USEUROPEAFRICAASIA 中文双语Français
China
Home / China / Education

Outstanding people engage more fully

By Li Lei | China Daily | Updated: 2017-11-15 07:17

Outstanding people engage more fully

Andrea Pasinetti, 31, founder and CEO of Teach for China. [Wang Zhuangfei/China Daily]

Andrea Pasinetti spoke with Li Lei.

I came to China in 2007 to learn Chinese at Tsinghua University (after studying at Princeton University). A year later, a Princetion a alumni who is Chinese invited me to visit Shuangjiang, a beautiful but poverty-stricken county in Yunnan province, where he had funded a primary school. He told me that it was the best way to get a comprehensive image of China.

When I arrived at the school, or rather a "teaching site" at the top of a mountain, the headmaster told me that very few of his students made it to senior high school, but not because they didn't want to or were not capable.

They had very good facilities, but there was a severe shortage of good teachers.

When I was about to leave, the headmaster asked if I could persuade some of my classmates at Tsinghua to teach there during vacations. In some way, I could feel that the headmaster believed top university students could instill passion into the children there.

And that's what I did, though without much hope because I know it's not easy to gain a place at Tsinghua, so I thought people would want to find well-paid jobs after graduation.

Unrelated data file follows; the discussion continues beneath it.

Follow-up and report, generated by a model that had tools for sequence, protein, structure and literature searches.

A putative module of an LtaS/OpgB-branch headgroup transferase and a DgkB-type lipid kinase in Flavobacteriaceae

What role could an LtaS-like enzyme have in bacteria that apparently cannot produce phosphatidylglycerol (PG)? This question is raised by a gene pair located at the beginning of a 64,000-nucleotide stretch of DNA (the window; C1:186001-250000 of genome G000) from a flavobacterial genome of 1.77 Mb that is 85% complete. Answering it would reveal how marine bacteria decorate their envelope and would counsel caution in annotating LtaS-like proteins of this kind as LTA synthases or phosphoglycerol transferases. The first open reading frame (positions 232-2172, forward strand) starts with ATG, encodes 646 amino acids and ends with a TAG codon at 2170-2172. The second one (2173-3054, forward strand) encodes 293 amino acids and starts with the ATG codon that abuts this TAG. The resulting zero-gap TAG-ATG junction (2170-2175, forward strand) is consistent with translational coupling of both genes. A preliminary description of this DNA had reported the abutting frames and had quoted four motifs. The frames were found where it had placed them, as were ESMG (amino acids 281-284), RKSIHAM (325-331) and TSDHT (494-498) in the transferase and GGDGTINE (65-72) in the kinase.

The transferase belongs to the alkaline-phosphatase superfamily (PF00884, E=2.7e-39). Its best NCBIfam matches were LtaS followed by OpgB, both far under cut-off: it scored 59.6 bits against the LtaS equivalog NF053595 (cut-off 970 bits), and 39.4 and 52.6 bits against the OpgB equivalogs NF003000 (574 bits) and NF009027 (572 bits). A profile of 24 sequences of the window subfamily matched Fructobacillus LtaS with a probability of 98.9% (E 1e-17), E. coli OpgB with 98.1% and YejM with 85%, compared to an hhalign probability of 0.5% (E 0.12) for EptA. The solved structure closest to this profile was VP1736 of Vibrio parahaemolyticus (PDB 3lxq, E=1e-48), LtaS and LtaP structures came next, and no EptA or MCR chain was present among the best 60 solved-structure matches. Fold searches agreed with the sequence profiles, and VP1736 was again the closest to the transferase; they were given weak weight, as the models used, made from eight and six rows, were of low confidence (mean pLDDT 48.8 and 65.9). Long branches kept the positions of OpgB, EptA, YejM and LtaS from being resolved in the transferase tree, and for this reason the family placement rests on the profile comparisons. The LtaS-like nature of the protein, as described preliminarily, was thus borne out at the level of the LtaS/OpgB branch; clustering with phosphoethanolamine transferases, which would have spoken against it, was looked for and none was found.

I asked some friends, and was surprised that quite a few of them shared the same passion. And the more outstanding they were, the more willing they were to engage with the initiative.

In addition to Tsinghua, I tried my luck in other prestigious schools, such as Fudan University in Shanghai and Sun Yat-sen University in Guangdong province.

They also expressed an interest, and in just six months I got 20 excellent college students who were willing to contribute their knowledge and energy. In 2008, I founded Teach for China.

The Chinese government has been promoting equality of education. In the past nine years, the infrastructure in rural China has improved significantly and teachers' salaries have also risen.

However, compared with the previous lack of teaching facilities, the shortage of capable teachers will take longer to solve. Teach for China is now exploring new ways of solving this problem.

 

Editor's picks
BACK TO THE TOP
Copyright 1995 - . All rights reserved. The content (including but not limited to text, photo, multimedia information, etc) published in this site belongs to China Daily Information Co (CDIC). Without written authorization from CDIC, such content shall not be republished or used in any form. Note: Browsers with 1024*768 or higher resolution are suggested for this site.
License for publishing multimedia online 0108263

Registration Number: 130349
FOLLOW US